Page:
The University System of Maryland Board of Regents voted on Friday to approve the construction of a new engineering facility on the University of Maryland's campus.

The Innovate, Design, and Engineer for America Factory building — also known as the IDEA Factory — is projected to cost $50 million, and will include open workspaces for students, prototyping facilities, engineering design and instructional studios, a mobile applications lab, an "Internet of Things" lab and a student-run incubator, according to a summary document presented to the system's finance committee.

The 60,000-square-foot space will also house four laboratories focused on studying robotics, manufacturing, quantum technology and transportation, the document read.

About $25 million of the cost will be paid by October's $219 million donation from the A. James and Alice B. Clark Foundation, while private donors will fund the second half. This university has already obtained a $10 million gift toward the project, according to the summary document.

Carlo Colella, this university's administration and finance vice president, called the IDEA Factory "an important component" of the Clarks' "landmark investment."

"[The Foundation is] very confident that we'll be able to raise the entirety of the $50 million," Colella said.

The facility will be built on the site of the Potomac Building, which will be demolished for the project. The new building will be connected to its next-door neighbor — the Jeong H. Kim Engineering Building.

"Connecting the new building into the existing Kim Building was an important factor to enhance collaboration between them," Colella said.

Sophomore aerospace engineering major Collin Miller said he liked the idea of having a startup incubator in the new building.

"I think that'd be a great idea, especially because [in] school it's so emphasized about going to class and getting grades, but I think more people need to come up with their own ideas and start building a project from scratch," Miller said.

But Camilla Obasiolu, a sophomore public health science major, said she's concerned that campus resources may be heading disproportionately toward engineering, especially since this university just opened a new engineering building — A. James Clark Hall — for the spring semester.

"The university should allocate money to other schools more," she said. "It would be a good opportunity for students that want to explore the entrepreneurial side of engineering and stuff, but at the same time, I feel like there are so many other schools that need funding for their programs, and it's kind of unfair."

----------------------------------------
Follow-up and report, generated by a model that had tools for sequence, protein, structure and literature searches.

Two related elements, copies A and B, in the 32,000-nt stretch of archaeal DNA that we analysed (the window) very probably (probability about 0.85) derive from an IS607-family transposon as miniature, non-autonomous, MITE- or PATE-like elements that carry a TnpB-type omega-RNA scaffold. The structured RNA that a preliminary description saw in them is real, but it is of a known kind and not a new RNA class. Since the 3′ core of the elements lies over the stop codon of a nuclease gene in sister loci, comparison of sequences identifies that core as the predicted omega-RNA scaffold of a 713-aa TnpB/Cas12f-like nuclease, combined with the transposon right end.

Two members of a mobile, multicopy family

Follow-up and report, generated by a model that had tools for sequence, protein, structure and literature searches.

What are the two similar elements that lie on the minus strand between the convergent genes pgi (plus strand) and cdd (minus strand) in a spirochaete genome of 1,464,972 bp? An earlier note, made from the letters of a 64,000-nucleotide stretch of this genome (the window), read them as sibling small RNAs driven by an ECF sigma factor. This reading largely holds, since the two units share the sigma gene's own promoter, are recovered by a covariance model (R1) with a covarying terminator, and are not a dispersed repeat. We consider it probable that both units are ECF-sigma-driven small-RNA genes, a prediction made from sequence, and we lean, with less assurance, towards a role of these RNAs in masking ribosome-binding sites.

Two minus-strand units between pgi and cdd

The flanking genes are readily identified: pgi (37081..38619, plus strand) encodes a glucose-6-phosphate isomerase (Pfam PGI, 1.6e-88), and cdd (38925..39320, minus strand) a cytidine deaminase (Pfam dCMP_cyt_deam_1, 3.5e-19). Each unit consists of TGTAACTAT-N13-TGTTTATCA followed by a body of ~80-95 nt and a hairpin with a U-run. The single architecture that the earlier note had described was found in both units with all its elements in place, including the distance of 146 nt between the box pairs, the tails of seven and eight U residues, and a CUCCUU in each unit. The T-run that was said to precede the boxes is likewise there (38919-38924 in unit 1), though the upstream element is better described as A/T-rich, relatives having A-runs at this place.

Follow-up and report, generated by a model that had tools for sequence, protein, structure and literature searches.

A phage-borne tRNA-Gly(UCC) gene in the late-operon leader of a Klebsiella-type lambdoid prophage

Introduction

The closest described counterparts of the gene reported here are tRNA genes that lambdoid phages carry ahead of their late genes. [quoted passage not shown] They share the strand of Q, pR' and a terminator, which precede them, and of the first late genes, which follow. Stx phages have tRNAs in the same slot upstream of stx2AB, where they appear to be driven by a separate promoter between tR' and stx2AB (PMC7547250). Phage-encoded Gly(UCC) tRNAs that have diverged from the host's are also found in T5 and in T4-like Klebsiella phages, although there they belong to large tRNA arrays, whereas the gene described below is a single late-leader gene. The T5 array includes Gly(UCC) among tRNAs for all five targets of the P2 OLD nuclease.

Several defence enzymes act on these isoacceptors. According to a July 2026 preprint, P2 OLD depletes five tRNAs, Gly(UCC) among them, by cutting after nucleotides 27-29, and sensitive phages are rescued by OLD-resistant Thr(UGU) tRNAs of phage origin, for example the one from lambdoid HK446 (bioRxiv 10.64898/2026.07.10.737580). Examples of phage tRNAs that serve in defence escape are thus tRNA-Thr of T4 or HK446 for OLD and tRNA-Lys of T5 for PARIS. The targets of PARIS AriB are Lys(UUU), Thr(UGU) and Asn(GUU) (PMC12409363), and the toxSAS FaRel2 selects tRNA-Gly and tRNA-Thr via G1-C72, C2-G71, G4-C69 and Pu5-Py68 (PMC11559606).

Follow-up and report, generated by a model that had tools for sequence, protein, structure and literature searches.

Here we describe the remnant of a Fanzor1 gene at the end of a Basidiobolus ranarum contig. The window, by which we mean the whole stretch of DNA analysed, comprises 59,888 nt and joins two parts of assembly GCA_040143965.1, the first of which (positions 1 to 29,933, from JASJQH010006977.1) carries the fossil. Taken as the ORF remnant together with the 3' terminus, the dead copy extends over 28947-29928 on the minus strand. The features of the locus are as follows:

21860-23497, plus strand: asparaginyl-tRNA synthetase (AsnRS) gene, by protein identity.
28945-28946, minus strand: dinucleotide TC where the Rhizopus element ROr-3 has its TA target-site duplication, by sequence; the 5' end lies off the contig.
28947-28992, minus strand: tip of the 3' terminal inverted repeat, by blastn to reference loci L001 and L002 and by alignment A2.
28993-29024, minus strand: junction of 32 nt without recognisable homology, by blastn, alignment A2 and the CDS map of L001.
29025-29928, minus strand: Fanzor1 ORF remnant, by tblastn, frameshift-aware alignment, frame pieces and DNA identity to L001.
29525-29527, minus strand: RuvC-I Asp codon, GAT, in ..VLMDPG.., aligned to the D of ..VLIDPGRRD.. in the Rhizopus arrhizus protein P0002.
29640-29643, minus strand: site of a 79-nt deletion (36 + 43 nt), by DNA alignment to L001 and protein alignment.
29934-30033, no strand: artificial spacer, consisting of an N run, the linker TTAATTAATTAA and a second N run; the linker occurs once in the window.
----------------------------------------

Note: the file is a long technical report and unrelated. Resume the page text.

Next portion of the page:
Engineering school Dean Darryll Pines said more information about the project would be available this spring.

"The A. James Clark School of Engineering is beginning the incremental process that comes with a project of this size, and we will have more to report when we select an architectural and construction firm for the IDEA factory this Spring," Pines wrote in a statement sent by university spokeswoman Jessica Jennings.

Renovating existing space for the project would "not have been attractive to the prospective private donors," and "underutilized space is very limited and spread out over campus in small amounts," the summary document read.

Colella attributed the decision to replace the Potomac Building to the building's age and outdated accommodations such as laboratory space. The three-story Potomac Building was constructed in 1955.

"We have a lot of activity in [the engineering] college and a lot of demand for space, especially contemporary space," Colella said.

The building contains lab space and houses the Maryland Technology Enterprise Institute. The programs in Potomac will move to other spaces already assigned to the engineering school, Colella said.

Sophomore mechanical engineering major Brij Patel said the project will likely be good for promoting this university as a strong engineering school.

"Especially since UMD is a research-focused campus, it'd be pretty good for the campus and drive more people here and increase enrollment and higher-quality professors," he said.